Note: Images below have been resized. To see the full sized images, please click on them. Additionally, visit our Canon EOS 1200D album on Flickr to see more high resolution images.

ISO 100
ISO 100

 

ISO 200
ISO 200

 

ISO 400
ISO 400

 

ISO 800
ISO 800

 

ISO 1600
ISO 1600

 

ISO 3200
ISO 3200

 

ISO 6400
ISO 6400

 

Image Quality
Out of the camera, the images appear natural although a bit flat, but that can be taken care of by boosting up the contrast and saturation settings. The metering is quite decent and gives correct exposures on most occasions. The auto lighting optimiser mode enables you to get more details in the shadow and highlight areas. Only in tricky lighting situations – extreme highlights and dark shadows – does the exposure go for a toss. We were surprised to find the Spot metering feature absent on the Canon 1200D and a less accurate Partial metering in its place.

 

The Canon EF-S 18-55mm lens is very good at controlling purple fringing, but barrel distortion is noticeable. Image sharpness around the edges was quite good considering we were using a kit lens. We also tested the camera with the Canon EF-S 55-250mm IS II lens and were impressed with the results while shooting at the local zoo. The RAW images look softer out of the camera but you can extract a lot of detail in post processing. JPEG processing does tend to show minor artifacts when compared along side a RAW file.

Note: Images below have been resized. To see the full sized images, please click on them. Additionally, visit our Canon EOS 1200D album on Flickr to see more high resolution images.

ISO 100, f/4, 1/200th sec
ISO 100, f/4, 1/200th sec

 

ISO 800, f/5.6, 1/1000th sec
ISO 800, f/5.6, 1/1000th sec

 

The RAW file on the left retains more detail than the JPEG on the right (check folded skin below the eye region) and with noise reduction you can extract more detail.
The RAW file on the left retains more detail than the JPEG on the right (check folded skin below the eye region) and with noise reduction you can extract more detail.

 

ISO 3200, f/5.6, 1/50th sec
ISO 3200, f/5.6, 1/50th sec

 

ISO 400, f/5.6. 1/1000th sec
ISO 400, f/5.6. 1/1000th sec

 

ISO 1600, f/6.3, 1/4th sec
ISO 1600, f/6.3, 1/4th sec

 

Focus

The AF speed is decent when composing via the optical viewfinder, but using the AF is painfully slow in the live view mode. You can change the individual focus points, but pressing the button on the right hand corner with the zoom in symbol brings up the nine points. Then using the direction keys, you can select the focus you want. Under low light, we did notice focus hunting.

ISO 800, f/5, 1/125th sec (Shot using Canon EF-S 55-250mm IS II)
ISO 800, f/5, 1/125th sec (Shot using Canon EF-S 55-250mm IS II)

 

ISO 400, f/5.6, 1/60th sec
ISO 400, f/5.6, 1/60th sec

 

ISO 800, f/5.6, 1/250th sec (Shot using Canon EF-S 55-250mm IS II)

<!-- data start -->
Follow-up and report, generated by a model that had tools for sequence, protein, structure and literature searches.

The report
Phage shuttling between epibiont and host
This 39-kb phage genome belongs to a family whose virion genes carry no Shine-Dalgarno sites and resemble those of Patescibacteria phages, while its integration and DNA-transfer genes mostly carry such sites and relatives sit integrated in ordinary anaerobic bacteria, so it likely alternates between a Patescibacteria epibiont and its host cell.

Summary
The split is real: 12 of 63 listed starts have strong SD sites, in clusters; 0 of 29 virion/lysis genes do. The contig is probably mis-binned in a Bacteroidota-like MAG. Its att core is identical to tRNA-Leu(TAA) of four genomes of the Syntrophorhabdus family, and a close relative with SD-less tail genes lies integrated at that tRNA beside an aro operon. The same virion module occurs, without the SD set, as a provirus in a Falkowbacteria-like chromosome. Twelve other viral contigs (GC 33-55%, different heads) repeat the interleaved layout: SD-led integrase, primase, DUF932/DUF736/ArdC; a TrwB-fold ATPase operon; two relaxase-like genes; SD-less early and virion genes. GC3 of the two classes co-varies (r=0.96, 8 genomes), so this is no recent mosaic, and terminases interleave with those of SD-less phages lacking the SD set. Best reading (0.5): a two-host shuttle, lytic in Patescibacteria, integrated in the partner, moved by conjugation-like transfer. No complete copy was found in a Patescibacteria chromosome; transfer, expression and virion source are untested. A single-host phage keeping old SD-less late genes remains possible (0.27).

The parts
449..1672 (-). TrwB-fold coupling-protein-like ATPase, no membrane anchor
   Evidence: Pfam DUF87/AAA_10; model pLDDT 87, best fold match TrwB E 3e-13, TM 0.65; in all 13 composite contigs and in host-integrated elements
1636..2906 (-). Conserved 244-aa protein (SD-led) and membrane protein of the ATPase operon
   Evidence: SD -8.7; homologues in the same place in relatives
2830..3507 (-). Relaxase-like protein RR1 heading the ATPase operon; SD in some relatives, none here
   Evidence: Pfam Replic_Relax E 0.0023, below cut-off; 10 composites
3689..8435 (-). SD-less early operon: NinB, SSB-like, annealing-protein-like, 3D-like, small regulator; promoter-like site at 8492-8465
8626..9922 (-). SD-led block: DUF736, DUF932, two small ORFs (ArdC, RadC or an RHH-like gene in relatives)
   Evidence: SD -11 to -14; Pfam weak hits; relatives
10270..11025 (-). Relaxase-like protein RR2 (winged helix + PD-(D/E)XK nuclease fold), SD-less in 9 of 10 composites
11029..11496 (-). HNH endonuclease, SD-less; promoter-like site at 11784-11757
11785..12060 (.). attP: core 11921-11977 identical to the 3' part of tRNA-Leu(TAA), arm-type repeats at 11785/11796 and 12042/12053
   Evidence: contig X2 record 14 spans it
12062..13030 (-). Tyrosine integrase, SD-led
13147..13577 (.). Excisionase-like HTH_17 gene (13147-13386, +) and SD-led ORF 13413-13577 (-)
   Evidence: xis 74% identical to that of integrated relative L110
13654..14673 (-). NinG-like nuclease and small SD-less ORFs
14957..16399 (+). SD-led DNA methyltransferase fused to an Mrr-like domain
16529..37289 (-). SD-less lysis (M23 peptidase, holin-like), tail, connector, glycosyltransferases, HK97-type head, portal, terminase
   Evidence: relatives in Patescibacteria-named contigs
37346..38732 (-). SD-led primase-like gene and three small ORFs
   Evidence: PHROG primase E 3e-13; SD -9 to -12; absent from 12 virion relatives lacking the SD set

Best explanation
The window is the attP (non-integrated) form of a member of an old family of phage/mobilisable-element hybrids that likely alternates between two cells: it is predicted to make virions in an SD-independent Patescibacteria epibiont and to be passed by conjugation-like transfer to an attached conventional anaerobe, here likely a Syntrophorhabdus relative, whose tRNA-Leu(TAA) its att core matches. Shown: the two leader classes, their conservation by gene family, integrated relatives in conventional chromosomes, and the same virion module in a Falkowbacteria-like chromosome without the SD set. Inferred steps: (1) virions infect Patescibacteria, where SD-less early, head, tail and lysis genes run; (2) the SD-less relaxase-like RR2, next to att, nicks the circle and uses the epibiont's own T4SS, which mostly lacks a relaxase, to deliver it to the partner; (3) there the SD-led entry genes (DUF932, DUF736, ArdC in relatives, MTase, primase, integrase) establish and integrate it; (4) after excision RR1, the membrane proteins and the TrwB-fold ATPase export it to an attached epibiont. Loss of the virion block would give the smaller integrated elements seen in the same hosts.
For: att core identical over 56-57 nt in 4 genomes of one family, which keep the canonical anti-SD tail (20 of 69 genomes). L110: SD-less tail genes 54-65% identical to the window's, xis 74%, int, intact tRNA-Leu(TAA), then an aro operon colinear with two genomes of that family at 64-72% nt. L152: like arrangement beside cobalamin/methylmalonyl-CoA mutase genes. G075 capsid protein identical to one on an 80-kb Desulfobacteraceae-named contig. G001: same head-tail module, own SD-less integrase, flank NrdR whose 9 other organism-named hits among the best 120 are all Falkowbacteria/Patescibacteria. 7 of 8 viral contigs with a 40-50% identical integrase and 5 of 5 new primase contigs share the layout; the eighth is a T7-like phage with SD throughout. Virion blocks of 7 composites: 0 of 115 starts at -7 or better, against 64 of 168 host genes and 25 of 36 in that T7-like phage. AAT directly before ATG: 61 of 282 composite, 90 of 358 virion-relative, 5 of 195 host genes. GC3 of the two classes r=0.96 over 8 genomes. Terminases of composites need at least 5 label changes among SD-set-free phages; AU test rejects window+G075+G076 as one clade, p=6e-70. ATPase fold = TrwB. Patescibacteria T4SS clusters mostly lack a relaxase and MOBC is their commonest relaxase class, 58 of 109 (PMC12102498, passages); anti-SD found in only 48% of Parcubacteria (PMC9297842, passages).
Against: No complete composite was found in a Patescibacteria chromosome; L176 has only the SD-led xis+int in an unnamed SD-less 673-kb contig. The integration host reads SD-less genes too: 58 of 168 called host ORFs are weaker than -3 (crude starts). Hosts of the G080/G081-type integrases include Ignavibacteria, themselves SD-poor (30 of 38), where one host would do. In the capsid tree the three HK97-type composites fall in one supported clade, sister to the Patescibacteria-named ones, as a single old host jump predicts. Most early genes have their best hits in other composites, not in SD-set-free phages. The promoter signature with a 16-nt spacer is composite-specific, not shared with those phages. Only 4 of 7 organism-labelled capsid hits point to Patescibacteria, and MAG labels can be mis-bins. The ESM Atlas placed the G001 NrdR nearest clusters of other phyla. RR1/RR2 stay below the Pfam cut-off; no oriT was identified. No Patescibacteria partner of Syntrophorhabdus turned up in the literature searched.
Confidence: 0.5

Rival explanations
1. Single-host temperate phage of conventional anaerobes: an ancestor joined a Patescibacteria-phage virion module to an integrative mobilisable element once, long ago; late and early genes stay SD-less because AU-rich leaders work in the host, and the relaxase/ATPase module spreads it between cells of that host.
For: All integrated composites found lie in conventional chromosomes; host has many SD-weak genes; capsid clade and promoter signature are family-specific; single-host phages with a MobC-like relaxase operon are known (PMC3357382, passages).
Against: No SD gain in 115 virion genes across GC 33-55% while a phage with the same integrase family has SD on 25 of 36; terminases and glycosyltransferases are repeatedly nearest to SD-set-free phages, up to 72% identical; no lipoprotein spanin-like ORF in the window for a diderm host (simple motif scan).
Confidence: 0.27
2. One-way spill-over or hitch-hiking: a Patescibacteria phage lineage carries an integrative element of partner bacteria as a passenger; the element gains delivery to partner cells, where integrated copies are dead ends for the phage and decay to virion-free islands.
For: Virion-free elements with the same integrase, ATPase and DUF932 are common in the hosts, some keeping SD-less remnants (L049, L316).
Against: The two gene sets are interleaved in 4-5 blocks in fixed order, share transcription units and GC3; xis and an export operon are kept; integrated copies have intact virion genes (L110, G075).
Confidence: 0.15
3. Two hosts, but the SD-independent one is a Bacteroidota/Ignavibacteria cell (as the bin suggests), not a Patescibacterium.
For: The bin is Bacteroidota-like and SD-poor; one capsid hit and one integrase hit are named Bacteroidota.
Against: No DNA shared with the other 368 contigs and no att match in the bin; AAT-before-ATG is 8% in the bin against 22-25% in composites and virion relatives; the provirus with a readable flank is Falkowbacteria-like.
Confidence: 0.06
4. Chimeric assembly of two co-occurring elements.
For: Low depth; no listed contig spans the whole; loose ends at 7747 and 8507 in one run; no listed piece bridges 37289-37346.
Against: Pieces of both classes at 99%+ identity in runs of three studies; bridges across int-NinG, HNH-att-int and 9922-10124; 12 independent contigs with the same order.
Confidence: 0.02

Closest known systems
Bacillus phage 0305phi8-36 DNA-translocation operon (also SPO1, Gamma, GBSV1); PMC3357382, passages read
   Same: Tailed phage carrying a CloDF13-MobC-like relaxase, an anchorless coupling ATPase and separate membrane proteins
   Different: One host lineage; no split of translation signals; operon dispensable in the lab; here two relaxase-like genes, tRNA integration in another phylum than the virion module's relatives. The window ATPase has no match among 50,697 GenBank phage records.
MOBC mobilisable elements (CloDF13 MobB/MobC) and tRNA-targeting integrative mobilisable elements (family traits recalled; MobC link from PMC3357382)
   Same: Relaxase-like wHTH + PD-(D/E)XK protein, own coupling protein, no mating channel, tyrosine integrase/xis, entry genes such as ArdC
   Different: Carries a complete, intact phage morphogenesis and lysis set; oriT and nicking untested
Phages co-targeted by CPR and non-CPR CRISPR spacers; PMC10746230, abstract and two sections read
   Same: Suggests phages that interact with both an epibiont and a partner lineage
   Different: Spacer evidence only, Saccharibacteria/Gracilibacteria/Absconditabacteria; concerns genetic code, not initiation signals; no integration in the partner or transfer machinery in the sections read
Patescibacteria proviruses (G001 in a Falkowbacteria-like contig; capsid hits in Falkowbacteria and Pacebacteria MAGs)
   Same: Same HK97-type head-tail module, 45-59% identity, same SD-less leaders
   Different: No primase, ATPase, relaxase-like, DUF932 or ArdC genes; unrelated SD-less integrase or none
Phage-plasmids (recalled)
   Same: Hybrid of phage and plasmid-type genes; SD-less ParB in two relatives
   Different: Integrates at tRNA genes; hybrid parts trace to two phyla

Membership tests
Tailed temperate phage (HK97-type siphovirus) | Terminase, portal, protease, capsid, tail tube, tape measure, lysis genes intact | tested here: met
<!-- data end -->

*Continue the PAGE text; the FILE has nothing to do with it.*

ISO 800, f/5.6, 1/250th sec (Shot using Canon EF-S 55-250mm IS II)

Video

The Canon EOS 1200D can shoot full HD videos at 24p and 25p along with HD videos at 50p. But it gives decent output only if you have the camera steady in one place. The moment you pan your camera, you will notice considerable rolling shutter, specially if you are shooting handheld. AF hunting is also quite prominent while video shooting. At best it is good for casual family videos, nothing mode.

 

Verdict and Price in India

Canon EOS 1200D is priced at Rs 39,995 for the 18-55mm IS II and 55-250mm IS II lens combo whereas just the kit lens plus body costs Rs 34,995. The body plus 18-55mm IS II kit lens price is a high launch price for an entry-level DSLR and while Canon may have got away with higher pricing of entry level DSLRs in the past, currently it has many competing products.

For starters, at the Rs 35,000 price point, you have some stellar advanced point and shoots from Sony (RX 100), Canon (Powershot G1 X), Nikon (P340) and Olympus (XZ-2) which offer much better image quality and low light performance vis-a-vis the EOS 1200D plus 18-55mm kit lens. Agreed the advanced point and shoots are compact cameras, with no option to change lenses and address a different need as compared to DSLRs. But if you are never going to change your kit lens, then it makes more sense to go for the advanced point and shoot cameras over the EOS 1200D.

 

If you want to upgrade from a compact camera to learn photography and you are willing to invest in lenses sometime in the near future, then the EOS 1200D is a good starting point. But we would recommend you to wait for the price to drop closer to Rs 30,000 to Rs 32,000. The combo deal at Rs 39,995, on the other hand is quite a good one as you are getting a lens priced around Rs 12,000 at just a Rs 5,000 premium over the regular body + kit lens pricing. If you are going to use your camera for wildlife photography or bird photography, then the combo kit offering is quite good.

 

The overall performance of the EOS 1200D is good for an entry level DSLR. Canon does deliver good image quality, good build and a good AF performance in daylight. Sure, it does have its shortcomings when it comes to shooting and focussing in low light, prominent noise beyond ISO 1600 and below average video quality when panning. But then, show us another entry-level DSLR that does not suffer from either or all of the issues above. If you a first time DSLR buyer who just wants the kit lens, the Canon 1200D is a good choice.